This eclectic collection of small-cap companies outperformed the Star Tribune 100 last year.
An explosive oil-and-gas outfit, resurgent technology companies, a profit-heavy biotech firm in northeast Minneapolis and an iron-ore trust with only four years left to live sparked a 9.4 percent increase in sales among the "Bottom 50" companies of the Star Tribune 100 in 2010.
The aggregate market value of these small-capitalization firms rose 36 percent compared with an 8 percent gain in value for the entire Star Tribune 100. Of course, it's easier to grow fast off a smaller base.
Forty of the Bottom 50 increased sales, and 36 were profitable last year.
Among the eyebrow-raisers is Northern Oil and Gas, a play on oil reserves under western North Dakota and Montana known as the Bakken and Three Forks fields. The Wayzata-based company, which went public four years ago, leases thousands of acres from landowners for exploration and drilling.
Northern Oil, benefiting from the recent acceleration in oil prices, saw 2010 revenue increase by nearly 300 percent to $59.5 million. That's the largest revenue increase among the Bottom 50 firms and enough to move "NOG'' from No. 108 in 2009 among Minnesota public companies to No. 76 in 2010.
The company, which expects to produce up to 7,100 barrels of oil daily this year, saw its stock price more than double and its market value soar to $1.5 billion.
There's fur flying among bulls and bears over this one. CEO Michael Reger, 35, a North Dakota native whose family started this business as a private concern years ago, has sold millions of dollars worth of stock amid the price runup.
Short sellers (detractors who profit when a stock drops in price) now control one-in-five outstanding shares in Northern. The price has fallen from $33 per share to around $22 in recent weeks. The bears on "NOG" contend the company is too optimistic in calculating rates at which its wells are depleted.
Reger said recently he's encouraged by the pace of acreage acquisitions and productivity and that its depletion calculations are "in the midrange of our peer group" of other companies that are exploring for oil in the vast Bakken neighborhood. Supportive analysts project that this company should be worth $35 per share or more by the end of the year.
CyberOptics, which benefitted from the high-tech manufacturing rebound last year, saw revenue grow by 110 percent as it moved from No. 95 to No. 78 on the Star Tribune 100 list thanks to increased sales of its sensors and inspection systems that serve the electronics assembly and semiconductor capital equipment markets.
Chief Executive Kathleen Iverson said the company is getting a boost from the solar-energy manufacturing push.
"We believe our participation in the solar market has substantial potential for the full year," she said recently. "We expect to continue capitalizing upon the ongoing upturn of the global electronics market.''
CyberOptics, which traded around $15 in 2006, fell to $5 per share at the bottom of the recession in 2009. It has traded between $8 and $10 per share lately.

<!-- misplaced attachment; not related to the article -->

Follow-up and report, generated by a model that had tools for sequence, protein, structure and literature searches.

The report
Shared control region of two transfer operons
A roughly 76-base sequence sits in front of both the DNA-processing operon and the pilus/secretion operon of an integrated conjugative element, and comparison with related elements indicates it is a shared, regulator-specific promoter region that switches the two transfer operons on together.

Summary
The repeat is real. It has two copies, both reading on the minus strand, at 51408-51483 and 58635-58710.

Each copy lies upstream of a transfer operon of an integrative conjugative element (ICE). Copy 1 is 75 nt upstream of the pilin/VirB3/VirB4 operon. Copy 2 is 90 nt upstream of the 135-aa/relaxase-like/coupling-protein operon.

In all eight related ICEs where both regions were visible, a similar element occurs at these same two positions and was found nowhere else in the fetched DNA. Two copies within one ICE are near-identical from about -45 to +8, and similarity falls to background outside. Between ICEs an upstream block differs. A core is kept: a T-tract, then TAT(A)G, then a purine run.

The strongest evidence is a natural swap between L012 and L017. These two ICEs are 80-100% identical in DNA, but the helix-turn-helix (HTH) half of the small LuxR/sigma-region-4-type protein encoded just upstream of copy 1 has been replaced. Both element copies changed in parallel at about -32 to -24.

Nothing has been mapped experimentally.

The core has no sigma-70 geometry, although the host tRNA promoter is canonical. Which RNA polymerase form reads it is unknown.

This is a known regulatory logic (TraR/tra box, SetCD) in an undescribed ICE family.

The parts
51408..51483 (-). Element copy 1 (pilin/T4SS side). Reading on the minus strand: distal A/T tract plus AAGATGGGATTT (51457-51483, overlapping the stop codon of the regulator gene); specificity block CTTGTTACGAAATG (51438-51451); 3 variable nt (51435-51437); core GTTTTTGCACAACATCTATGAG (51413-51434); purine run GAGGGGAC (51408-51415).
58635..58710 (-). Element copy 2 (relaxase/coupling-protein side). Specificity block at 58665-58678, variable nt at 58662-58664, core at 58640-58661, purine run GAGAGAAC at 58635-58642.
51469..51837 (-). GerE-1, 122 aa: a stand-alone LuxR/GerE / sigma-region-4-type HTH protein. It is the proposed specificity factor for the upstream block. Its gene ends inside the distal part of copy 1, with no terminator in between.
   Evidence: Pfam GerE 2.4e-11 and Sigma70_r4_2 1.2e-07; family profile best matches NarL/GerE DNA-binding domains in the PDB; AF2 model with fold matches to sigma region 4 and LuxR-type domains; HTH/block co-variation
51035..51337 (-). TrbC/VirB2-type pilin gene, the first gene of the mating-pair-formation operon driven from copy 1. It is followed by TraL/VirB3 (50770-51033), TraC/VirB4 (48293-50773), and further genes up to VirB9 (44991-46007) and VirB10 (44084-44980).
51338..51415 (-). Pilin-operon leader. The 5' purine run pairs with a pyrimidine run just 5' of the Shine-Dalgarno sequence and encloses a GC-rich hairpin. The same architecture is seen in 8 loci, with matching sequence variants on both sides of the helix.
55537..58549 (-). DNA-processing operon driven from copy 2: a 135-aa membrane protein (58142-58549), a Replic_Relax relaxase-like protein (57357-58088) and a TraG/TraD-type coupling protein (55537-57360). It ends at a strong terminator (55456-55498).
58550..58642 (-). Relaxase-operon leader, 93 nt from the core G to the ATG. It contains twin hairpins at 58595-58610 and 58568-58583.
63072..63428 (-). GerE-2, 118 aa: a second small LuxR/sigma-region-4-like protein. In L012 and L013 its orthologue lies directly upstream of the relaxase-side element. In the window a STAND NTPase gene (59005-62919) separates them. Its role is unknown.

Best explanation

Datalink moved from No. 63 to No. 53 as revenue rose 65 percent to a record $294 million in 2010 and earnings were the best since 2006. The Chanhassen firm designs and manages data centers for large and medium-size companies. The company had record revenue from sales of products and service in the fourth quarter, said CEO Paul Lidsky.
"Our investments in our expanded data center portfolio ... and our ability to continue to deliver unified platforms to our customers should fuel growth in 2011," Lidsky said.
Techne Corp., the Minneapolis-based biotechnology firm, was the most profitable member of the Bottom 50 with earnings of $111.2 million. Techne, ranked No. 56, also boasts the largest market value among the Bottom 50 companies at $2.75 billion.
The company, which is expected to have revenue of about $300 million this fiscal year, has been a favorite among long-term investors. The global developer of biotech products has a whopping profit margin of about 40 percent and pays a generous dividend.
Great Northern Iron Ore Properties is a little-known outfit that dates to the days of the railroad barons. It moved up to No. 92 in 2010 on the strength of revenue tied to the resurgent Iron Range. Great Northern ended up with fourth-highest profits last year among the Bottom 50. Great Northern distributes almost all of its income to shareholders, which gives it a whopping 9 percent yield at recent stock prices.
More than a century ago, Great Northern Railway Chairman James J. Hill and his son Louis acquired mineral rights to thousands of acres of Iron Range land. Those mineral rights, which could not be owned by the railroad under existing law, eventually came to be owned by stockholders of the railroad and traded on the New York Stock Exchange as Great Northern Iron Ore.
The stock, which represents a trust, traded at more than $150 per share for a few weeks last year and has traded recently around $105. The trust dissolves on April 6, 2015; then the shares will cease to trade and the remaining assets will be distributed to shareholders of record.
Neal St. Anthony • 612-673-7144